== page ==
Dead Man Walking draws its viewers into the relationship of a compelling couple. Matthew Poncelet (Sean Penn) has been sentenced for his part in a double murder in which Walter and Hope, a classically clean-cut boy and girl, were accosted while parking in the woods, were led off into a clearing where the girl was raped and repeatedly stabbed, and were ultimately both shot execution-style. There is no doubt about Poncelet's legal guilt. Indeed, his crime is graphically and repeatedly presented to us. The drama turns instead on the question, Will Matthew Poncelet admit his true involvement and genuine culpability for the murders for which he was sentenced? Or will he go to his death still insisting that he was only an accessory swept up in the evil deeds of another? This time the human connection is with Sister Helen Prejean (Susan Sarandon), whose goal is to wrench from this complicated man the admission of responsibility that she hopes will save his soul.

Thus Dead Man Walking is far more concerned with moral arm wrestling--with Sister Helen's ability to tame the savage beast in the tough-talking, defiant Poncelet--than with the question of whether the death penalty is compatible with our Constitution and our commitments as a political and legal community. The conservatives again get their way, as the film endorses Sister Helen's exclusive preoccupation with the issue of individual responsibility, without also seeking to understand the society in which the individual story is imbedded.

"What possessed you," she asks, "to be in the woods that night?"

"I told you I was stoned," Poncelet responds.

"Don't blame the drugs. You could have walked away," Sister Helen says, echoing central themes of the conservative litany on crime--the insistence that explanations are only excuses, and any discussion of why our society is so violent is only a distraction from the one thing that matters, the individual decision to act violently.

"Don't blame [your accomplice]," she continues. "You blame him. You blame drugs. You blame the government. You blame blacks... . You blame the kids for being there. What about Matthew Poncelet? Is he just an innocent, a victim?" It's a speech that relieves the movie of any need to even examine the conditions of Poncelet's life that might help us understand why he did this--and, by extension, relieves the viewer of any need to think about changing those social conditions. The movie's visual reconstruction of the crime reinforces the same message. In black and white, the scene is revisited as Sister Helen comes to see it--first with Poncelet uninvolved in the violence and then with more and more accuracy as he gets closer and closer to taking responsibility for what he did.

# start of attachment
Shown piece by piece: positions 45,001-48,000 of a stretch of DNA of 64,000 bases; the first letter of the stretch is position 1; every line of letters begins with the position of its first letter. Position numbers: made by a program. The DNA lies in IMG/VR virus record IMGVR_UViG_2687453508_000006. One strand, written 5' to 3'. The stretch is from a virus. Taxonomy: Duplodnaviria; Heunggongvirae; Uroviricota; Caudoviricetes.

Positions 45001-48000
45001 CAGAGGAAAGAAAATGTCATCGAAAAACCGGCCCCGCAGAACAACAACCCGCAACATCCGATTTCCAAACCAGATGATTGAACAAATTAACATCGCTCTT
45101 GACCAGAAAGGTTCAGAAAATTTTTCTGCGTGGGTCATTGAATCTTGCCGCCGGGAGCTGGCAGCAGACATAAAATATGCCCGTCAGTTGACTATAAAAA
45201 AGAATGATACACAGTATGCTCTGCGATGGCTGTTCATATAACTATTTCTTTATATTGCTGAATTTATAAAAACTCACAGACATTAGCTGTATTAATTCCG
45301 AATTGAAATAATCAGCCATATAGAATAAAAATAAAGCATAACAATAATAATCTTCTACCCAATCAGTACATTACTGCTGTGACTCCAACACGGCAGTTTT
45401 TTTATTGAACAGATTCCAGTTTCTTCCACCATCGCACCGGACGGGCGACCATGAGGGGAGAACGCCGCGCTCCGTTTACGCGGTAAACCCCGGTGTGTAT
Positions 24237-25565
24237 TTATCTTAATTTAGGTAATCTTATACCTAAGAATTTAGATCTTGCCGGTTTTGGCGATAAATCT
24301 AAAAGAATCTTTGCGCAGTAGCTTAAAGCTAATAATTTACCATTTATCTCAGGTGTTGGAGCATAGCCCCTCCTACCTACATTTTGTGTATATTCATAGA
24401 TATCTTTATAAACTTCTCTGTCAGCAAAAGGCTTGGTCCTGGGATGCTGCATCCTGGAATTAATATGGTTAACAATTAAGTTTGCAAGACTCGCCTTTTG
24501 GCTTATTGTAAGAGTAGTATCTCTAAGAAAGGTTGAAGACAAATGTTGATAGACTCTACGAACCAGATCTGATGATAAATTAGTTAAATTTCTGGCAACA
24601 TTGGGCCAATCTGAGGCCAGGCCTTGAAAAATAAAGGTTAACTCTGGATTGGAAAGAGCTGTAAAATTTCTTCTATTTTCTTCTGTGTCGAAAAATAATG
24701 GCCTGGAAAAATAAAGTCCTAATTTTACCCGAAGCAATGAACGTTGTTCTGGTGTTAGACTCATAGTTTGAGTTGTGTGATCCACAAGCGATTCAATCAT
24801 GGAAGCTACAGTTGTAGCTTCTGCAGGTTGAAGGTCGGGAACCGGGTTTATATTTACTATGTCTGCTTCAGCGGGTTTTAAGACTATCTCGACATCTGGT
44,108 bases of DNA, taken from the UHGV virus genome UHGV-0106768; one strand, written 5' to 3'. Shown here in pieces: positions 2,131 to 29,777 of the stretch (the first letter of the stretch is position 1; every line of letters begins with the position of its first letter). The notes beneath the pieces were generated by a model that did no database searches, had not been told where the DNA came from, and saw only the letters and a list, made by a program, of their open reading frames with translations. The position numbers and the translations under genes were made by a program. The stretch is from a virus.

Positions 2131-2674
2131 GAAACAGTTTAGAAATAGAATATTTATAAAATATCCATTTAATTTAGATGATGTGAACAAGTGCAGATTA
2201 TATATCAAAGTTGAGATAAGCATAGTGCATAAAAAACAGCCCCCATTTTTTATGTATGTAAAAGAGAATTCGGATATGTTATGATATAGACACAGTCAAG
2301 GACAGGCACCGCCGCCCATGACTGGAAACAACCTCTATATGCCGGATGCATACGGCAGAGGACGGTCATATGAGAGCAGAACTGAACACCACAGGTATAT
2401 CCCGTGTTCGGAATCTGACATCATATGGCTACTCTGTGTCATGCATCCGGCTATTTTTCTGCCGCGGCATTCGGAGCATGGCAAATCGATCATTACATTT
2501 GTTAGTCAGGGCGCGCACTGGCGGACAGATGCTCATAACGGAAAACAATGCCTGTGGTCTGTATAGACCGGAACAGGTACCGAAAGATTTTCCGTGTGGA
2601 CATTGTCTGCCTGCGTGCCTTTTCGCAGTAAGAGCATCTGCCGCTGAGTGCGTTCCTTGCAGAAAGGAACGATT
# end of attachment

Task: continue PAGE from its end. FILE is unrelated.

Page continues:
After his last call to his family, Poncelet takes the ultimate step. "It was something you said," he tells Sister Helen. "I could have walked away. I didn't... . I didn't have the guts to stand up to him. I told my momma I was yellow. She kept saying, 'It wasn't you. It wasn't you, Matt.' [Pause.] The boy, Walter, I killed him."

"Do you take responsibility," Sister Helen asks, "for both of their deaths?"

"Yes, ma'am," Poncelet responds.

The admission of guilt that the law could not secure is finally obtained. From this point on, the crime scene appears in color. And viewers are reassured of the validity of the prevailing political rhetoric about crime and punishment, reassured that behind every complex narrative of cause and responsibility is a simple truth about voluntary action.

It is only as Poncelet is himself being executed that what we're meant to think of as the "complete truth" of his crime is presented visually. In this presentation, we move back and forth between the scene of the execution and the scene of the crime. By linking the two, Dead Man Walking raises the question of whether the execution of Poncelet is a just and proportionate response to what he did to Hope and Walter. The question is further emphasized by the use of parallel images shot from above--first of his victims lying face down in the woods, arms and legs spread, and then of Poncelet lying face up, as if crucified. Are these the same acts?, the film seems to ask.

Its answer is ambiguous. Dead Man Walking can be read as condemning the state's killing of Matthew Poncelet, or as providing the strongest justification for it by refusing to let us forget the brutality of the crime to which it is a response. But the question is essentially the same as in so many other death penalty movies: Is execution justified in this case?

Whatever their cinematic quality, films about capital punishment--from the James Cagney and Pat O'Brien classic Angels with Dirty Faces (1938) and I Want to Live! (1958) to the listless Last Dance (1996) and Clint Eastwood's forgettable True Crime (1999)--provide most of us with our only way of seeing what happens when the state kills. And far from encouraging us to think seriously about our country's commitment to capital punishment, they push, I fear, in the opposite direction. Visually and narratively, they warn viewers to leave aside the issue of whether the death penalty makes us a safer, saner society--or a meaner, less humane one--and focus instead on the narrower, more dramatically appealing question of whether a particular inmate deserves to die. We are invited to imagine ourselves as jurors or judges or a governor being presented at the last minute with some new evidence, asked to decide whether the John Coffeys or Matthew Poncelets of death row should be spared--not as legislators deciding whether or not to abolish state killing. ¤